Long-Term Effects of Intensive Glucose Lowering on Cardiovascular Outcomes The ACCORD Study Group. N Engl J Med 2011; 364:818-828March 3, 2011

There is nothing in this study that contradicts the finding that the people in the "intensive control" group who did poorly did poorly because their A1cs dropped.

It is when you look at the news story as dumbed down for the TV audience that you see what a tragedy it is that the ACCORD study group continues to publish these studies without making it clear what they really show.

For example, when I scan Google News I see this headline: "New results from a large government-run trial confirm that very aggressive treatment to lower blood sugar is associated with an increased risk of death in people with type 2 at high risk for heart attack and stroke." And given that doctors have been brainwashed into believing that ALL people with Type 2 diabetes are at high risk for heart attack, this translates into "Don't lower your blood sugar!" or "Low A1cs Kill!"

I have people emailing me all the time now that their doctors have lectured them about how they are risking death when they lower their A1c to 5.8 using diet alone. This is idiotic.

The real headline to describe this latest ACCORD Study should be this:


Or perhaps:


But let's get one thing clear: Nothing in the ACCORD study suggests that lowering A1c is harmful when it is done by cutting back on carbohydrate intake, avoiding the cardiotoxic TZD drugs Avandia and Actos that were heavily used in ACCORD, and using insulin only after being given a good explanation about how it works that allows you to adjust and tailor your doses based on what you see with your meter.

If you are not using insulin in a way that is giving you frequent hypos and are achiveing A1cs in the 5% range you will not develop the neuropathy that damages the nerves that control your heart beat or the kidney disease that damages your blood pressure, or for that matter, blindness or amputation.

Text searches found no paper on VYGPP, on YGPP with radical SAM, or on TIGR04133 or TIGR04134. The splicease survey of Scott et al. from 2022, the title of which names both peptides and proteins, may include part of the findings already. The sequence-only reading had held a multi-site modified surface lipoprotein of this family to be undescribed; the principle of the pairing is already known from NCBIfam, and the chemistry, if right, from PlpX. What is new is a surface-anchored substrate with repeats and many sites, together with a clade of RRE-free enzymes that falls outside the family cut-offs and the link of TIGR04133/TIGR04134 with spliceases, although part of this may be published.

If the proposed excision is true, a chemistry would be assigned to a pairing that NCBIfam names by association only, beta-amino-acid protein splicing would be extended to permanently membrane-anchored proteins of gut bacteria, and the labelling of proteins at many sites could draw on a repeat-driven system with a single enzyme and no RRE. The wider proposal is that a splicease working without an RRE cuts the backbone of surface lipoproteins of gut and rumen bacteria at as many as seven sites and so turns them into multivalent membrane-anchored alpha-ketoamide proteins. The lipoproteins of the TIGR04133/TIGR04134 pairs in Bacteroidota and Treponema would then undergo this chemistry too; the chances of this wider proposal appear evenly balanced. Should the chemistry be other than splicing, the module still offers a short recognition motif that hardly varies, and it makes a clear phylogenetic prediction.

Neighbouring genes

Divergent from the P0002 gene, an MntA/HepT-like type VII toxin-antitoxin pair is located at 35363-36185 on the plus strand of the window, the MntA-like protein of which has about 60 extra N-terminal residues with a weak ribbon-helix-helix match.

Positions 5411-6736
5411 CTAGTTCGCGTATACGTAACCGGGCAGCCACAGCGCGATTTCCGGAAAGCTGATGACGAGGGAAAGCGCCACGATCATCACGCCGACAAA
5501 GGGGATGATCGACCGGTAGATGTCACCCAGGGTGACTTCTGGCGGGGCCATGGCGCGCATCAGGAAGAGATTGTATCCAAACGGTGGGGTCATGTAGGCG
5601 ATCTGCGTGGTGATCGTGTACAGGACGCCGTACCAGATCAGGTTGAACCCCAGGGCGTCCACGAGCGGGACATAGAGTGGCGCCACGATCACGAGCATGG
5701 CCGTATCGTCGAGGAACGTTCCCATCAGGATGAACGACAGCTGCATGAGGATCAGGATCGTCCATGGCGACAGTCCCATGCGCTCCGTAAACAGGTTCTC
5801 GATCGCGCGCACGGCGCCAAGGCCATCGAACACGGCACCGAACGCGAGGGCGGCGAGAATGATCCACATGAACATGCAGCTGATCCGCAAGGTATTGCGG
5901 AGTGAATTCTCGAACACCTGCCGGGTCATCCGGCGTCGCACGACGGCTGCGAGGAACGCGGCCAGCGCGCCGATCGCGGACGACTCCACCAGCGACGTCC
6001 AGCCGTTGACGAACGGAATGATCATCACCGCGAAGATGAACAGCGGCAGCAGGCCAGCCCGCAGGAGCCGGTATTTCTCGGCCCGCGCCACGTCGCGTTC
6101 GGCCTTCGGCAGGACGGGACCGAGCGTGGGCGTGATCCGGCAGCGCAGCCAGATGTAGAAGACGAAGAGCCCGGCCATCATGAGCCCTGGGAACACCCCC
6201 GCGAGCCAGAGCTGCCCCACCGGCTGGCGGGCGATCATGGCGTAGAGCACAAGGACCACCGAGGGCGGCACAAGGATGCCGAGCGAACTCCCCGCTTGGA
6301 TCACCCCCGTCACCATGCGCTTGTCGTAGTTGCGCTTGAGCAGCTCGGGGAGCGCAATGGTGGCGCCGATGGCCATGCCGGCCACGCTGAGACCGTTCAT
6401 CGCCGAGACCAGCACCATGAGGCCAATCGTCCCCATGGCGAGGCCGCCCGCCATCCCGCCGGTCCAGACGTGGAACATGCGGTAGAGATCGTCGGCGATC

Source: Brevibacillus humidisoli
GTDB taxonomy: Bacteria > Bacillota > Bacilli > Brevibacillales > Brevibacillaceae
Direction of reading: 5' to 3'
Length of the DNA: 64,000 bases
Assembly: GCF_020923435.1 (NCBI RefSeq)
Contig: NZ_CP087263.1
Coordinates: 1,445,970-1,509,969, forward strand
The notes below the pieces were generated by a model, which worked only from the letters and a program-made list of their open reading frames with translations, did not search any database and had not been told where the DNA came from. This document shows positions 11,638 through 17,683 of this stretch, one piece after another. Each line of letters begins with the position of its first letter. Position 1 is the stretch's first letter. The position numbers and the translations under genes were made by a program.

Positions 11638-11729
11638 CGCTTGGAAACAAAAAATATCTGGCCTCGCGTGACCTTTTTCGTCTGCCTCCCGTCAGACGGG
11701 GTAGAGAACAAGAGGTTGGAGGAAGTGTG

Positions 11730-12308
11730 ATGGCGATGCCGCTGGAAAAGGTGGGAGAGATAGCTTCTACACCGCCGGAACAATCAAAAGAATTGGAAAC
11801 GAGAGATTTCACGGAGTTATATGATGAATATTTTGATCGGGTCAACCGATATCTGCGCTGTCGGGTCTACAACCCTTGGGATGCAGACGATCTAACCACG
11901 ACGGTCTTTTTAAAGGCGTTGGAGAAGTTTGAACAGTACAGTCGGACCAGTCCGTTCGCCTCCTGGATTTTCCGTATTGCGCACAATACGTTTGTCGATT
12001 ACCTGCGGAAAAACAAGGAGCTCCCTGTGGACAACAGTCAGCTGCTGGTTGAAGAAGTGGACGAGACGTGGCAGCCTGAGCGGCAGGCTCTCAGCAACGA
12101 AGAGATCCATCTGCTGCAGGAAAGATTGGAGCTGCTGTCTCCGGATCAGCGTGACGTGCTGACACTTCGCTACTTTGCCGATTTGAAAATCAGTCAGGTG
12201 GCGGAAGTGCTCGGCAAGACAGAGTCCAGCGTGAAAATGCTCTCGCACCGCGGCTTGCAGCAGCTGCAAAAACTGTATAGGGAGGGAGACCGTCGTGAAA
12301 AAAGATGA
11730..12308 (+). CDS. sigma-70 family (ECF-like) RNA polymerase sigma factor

But I can rant on about this as much as I want. Mostly the world ignores it. You who are reading this now and are educated and can read the detailed analysis of the ACCORD studies you can find in the blog posts linked above. But most people with Type 2 diabetes trust their doctors and will do whatever those doctors tell them. Even though your average family doctor's knowledge of diabetes is often 20 years out of date and dangerously confused. And many of those doctors will tell them that they should NEVER lower their A1c below 7% because ACCORD proved it's "dangerous."

If you know someone with diabetes who isn't the kind of person who Googles things, explain to them what this study really proved--that "lowering A1c" is only dangerous when you do it with a poorly chosen drug cocktail and then don't manage to lower your A1c.

Remind them too, that ACCORD is only one, not very well designed study, and that there is a ton of other research that shows that lowering A1c to 6.5% or below does improve health, most notably the ADVANCE study, which was larger and longer than ACCORD.